Also they eat breakfast in a farmhouse. Why? I don't know. I'm not even sure why this chapter is in the book. Maybe so Glenn Beck's ghostwriter can say "out in the cold," thus demonstrating to you that he knows all about Real Spy Stuff.
Kearns and Danny make a phone call to set up the meet. The guys they're going to sell the fake nuclear weapon fanboy all over Danny. Because he's a big YouTube star and terrorists planning to blow up things with nuclear weapons love YouTube stars.
(Is Danny supposed to be Rush Limbaugh? Or Louder with Crowder? Or Alex Jones? IDK, and this is so stupid I don't care.)
Kearns and Danny drive to the meet. On the way, Kearns stops the car so Danny can see what stars look like outside a city. Apparently Danny, though he is a famous YouTube Star and Freedom Fighter, has never left the city, or at least never looked up when he was outside a city.
Kearns says it's important to know the stars are there. Because stars = heaven.
They get to the meet, which is being held in someone's garage, apparently, and uh-oh, trouble: only four of the five guys they're supposed to meet are there.
I think this is another plot twist?
But apparently not, because they all sit down to talk. Missing Fifth Guy is away on a business trip. (Didn't they just set up the meet like 90 minutes ago?)
There is some chat about Zionist bankers.
(Side note: This is one problem with this book. Danny starts out being cast as a bad guy. Now, apparently, he's a good guy, sort of? But a dupe of Kearns, who is a good guy, maybe? And they're setting up these guys, who are buying nuclear weapons, so...bad guys? But no one's character is consistent, and every now and then someone who is supposed to be one of the heroes will say something about Zionist bankers or global conspiracy or some other coded (barely coded) speech for Them Evil Jews. It's hard to know how Beck's Ghost Writer means us to read all this. Or if he or Beck even understands what they're saying.)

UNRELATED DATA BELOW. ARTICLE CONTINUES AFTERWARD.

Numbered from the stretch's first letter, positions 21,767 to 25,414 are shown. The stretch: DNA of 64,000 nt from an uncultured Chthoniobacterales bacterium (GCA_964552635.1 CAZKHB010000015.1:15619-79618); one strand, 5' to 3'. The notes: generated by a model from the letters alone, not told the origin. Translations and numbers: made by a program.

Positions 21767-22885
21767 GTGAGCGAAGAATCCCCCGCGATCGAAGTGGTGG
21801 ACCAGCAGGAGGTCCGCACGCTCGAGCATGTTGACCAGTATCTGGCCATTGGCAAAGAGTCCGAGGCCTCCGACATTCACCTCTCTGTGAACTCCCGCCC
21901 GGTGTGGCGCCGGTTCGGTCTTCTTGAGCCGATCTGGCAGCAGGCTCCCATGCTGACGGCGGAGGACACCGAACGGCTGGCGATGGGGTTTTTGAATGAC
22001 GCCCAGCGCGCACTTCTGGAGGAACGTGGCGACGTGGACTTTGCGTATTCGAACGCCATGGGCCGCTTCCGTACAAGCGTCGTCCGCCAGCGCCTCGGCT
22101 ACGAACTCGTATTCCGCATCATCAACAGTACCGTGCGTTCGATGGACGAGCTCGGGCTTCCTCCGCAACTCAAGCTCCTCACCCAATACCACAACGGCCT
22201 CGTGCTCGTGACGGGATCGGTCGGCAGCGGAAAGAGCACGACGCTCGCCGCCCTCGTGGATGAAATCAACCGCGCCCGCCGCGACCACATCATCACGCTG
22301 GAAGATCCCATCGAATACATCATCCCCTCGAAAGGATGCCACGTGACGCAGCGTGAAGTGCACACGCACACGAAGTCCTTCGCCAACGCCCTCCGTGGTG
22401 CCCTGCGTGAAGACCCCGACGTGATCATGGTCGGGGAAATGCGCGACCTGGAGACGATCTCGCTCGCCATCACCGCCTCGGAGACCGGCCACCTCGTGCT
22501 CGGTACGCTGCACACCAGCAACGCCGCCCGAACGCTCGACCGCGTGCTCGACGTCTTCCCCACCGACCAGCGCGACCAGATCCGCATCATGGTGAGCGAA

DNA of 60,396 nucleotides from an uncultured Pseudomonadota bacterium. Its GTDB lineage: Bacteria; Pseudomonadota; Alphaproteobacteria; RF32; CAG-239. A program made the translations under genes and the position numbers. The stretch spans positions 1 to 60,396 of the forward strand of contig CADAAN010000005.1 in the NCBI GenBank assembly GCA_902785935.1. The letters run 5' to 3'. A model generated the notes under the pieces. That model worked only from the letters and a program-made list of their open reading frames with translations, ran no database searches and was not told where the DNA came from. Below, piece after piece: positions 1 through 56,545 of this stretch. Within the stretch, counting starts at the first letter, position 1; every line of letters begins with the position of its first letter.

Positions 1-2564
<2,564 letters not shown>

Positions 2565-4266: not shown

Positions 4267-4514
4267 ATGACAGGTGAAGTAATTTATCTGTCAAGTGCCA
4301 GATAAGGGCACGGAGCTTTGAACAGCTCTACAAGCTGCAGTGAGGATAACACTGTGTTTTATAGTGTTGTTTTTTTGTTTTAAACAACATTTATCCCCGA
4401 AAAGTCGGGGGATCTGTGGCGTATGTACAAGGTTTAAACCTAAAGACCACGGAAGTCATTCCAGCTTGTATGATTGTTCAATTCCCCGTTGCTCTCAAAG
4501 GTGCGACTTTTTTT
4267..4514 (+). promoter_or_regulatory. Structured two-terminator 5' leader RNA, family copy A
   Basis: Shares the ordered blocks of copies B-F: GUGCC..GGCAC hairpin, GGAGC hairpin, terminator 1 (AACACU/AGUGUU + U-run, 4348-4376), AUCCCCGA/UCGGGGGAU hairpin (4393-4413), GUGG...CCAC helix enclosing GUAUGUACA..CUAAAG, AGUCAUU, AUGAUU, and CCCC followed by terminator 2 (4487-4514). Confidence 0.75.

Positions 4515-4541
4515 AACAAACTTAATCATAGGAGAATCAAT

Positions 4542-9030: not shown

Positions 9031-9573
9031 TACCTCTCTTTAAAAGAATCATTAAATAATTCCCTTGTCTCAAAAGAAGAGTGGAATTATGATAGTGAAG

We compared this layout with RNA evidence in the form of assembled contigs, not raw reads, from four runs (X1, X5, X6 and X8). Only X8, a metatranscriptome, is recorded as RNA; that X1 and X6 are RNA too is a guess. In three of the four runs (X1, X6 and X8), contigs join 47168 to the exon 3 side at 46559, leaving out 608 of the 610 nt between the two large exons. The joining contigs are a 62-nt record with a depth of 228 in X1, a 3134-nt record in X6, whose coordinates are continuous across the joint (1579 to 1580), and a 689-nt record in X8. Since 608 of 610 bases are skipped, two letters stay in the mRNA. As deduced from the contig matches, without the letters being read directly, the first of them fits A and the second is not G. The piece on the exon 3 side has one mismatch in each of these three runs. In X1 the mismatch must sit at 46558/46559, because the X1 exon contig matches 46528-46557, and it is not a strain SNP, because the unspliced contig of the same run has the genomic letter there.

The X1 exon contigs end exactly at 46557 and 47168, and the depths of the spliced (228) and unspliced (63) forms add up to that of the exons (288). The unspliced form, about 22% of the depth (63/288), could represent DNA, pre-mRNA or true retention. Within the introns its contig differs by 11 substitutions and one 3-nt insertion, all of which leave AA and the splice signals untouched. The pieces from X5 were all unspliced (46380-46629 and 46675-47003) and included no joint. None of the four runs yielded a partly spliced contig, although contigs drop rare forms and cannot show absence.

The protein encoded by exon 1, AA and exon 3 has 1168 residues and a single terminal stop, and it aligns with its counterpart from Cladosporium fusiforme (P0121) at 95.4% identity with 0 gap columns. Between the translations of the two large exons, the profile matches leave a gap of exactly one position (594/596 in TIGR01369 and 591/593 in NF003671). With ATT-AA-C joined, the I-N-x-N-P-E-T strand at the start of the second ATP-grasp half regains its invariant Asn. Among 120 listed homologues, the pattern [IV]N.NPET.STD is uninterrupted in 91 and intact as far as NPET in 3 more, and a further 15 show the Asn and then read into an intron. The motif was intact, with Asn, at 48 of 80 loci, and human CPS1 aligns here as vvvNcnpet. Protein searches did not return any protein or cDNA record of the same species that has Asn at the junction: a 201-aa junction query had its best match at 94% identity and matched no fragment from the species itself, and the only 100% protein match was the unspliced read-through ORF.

After the anti-Semitic bonding is done with, Kearns shows them the bomb.
Why did he need Danny here again? You got me.
And then -- plot twist! -- we find out who the terrorists are going to blow up, with a fucking nuclear weapon: the Senate Majority Leader.
Why would you need a nuclear weapon to do this? How would you get a nuclear weapon into the office of such a person?
Who knows, who cares. I'm guessing Beck is planning to use this as his Reichstag Fire, to kick off Martial Law and Concentration Camps and the Death of America, but we're 60% through the book. I mean, come on.
Frankly, it should have started with the nuclear weapon. If we're going to actually explode this weapon, I mean.
Kearns and Danny drive away, not having sold the nuclear weapon to the terrorist fanboys. Kearns thinks the fanboys are up to no good -- maybe the missing one ISN'T away on business, but is planning to ambush them.
Apparently there's going to be another meet tomorrow, to actually sell them the weapon (why? Why not sell it to them tonight? What idiot wrote this book), but first we have to hear Kearns' life story.
Danny literally asks for it. "We've got a long drive," he says.
The next chapter seems to be Kearns's life story. What the actual F.
More in a few days, if I can stand it.